Anticipations of revolutions 
In the same vein as my remark about Peter Winch: Today I ran across another anticipation of the Kuhnian distinction between normal and revolutionary science.

In his 1960 introductory text Philosophy of Science, Stephen Toulmin discusses what it means for a theory to count as 'fundamental.' He argues that a fundamental theory would explain all of the things that need explaining. These standards are, as he puts it, "something with which scientists grow familiar in the course of their training, but which is hardly ever stated" [p. 117]. Sometimes, he adds, they change in non-incremental ways: "From time to time... the ideal changes in a way which cannot be described so simply, and these are occasions when disputes of a philosophical kind arise" [p. 117-8].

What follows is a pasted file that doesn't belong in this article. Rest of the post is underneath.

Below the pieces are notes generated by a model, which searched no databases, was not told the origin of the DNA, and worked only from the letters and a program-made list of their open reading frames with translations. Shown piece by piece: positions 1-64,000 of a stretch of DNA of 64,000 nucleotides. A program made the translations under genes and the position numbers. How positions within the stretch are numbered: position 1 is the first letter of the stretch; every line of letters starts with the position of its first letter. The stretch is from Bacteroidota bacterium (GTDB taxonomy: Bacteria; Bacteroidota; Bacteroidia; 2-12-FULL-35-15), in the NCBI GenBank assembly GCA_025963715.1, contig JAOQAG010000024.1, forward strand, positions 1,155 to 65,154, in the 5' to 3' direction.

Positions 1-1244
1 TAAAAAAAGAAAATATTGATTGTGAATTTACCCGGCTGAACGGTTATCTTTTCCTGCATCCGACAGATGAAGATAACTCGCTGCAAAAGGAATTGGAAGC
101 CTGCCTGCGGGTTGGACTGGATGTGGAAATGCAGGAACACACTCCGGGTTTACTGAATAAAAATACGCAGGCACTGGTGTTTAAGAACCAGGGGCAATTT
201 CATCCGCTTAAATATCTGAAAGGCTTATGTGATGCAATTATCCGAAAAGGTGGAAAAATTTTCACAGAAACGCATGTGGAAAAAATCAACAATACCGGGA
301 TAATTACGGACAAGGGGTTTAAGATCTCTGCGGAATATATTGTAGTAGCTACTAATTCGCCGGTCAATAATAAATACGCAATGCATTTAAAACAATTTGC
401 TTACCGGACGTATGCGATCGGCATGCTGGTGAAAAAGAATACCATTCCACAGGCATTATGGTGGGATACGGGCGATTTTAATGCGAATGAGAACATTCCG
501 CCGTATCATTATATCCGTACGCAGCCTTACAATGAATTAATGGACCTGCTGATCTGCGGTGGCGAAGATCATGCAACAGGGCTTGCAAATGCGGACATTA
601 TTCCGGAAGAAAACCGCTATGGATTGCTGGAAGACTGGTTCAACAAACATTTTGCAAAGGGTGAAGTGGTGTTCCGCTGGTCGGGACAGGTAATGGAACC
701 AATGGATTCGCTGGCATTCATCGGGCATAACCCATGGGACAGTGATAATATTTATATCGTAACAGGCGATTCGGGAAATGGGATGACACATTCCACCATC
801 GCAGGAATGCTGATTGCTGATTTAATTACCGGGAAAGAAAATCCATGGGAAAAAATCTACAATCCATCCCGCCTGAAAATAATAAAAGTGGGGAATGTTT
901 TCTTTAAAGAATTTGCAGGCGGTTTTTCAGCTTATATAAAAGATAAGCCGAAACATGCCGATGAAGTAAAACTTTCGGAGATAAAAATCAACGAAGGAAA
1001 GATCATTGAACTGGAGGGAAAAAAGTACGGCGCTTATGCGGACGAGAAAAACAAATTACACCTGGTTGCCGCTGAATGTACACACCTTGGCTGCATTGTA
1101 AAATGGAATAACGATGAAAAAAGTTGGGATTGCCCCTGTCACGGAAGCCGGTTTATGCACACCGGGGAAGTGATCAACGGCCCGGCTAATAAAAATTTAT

This is consonant with Winch's remark about the "accepted view" among philosophers at the time. Although I don't have much sense of Toulmin's intellectual biography, I suspect that he was led to this kind of thinking-- as Winch was-- by way of Wittgenstein.

I don't know if Wittgenstein ever read Ludwik Fleck who, as Greg commented in the previous thread, practically wrote The Structure three decades before Kuhn.

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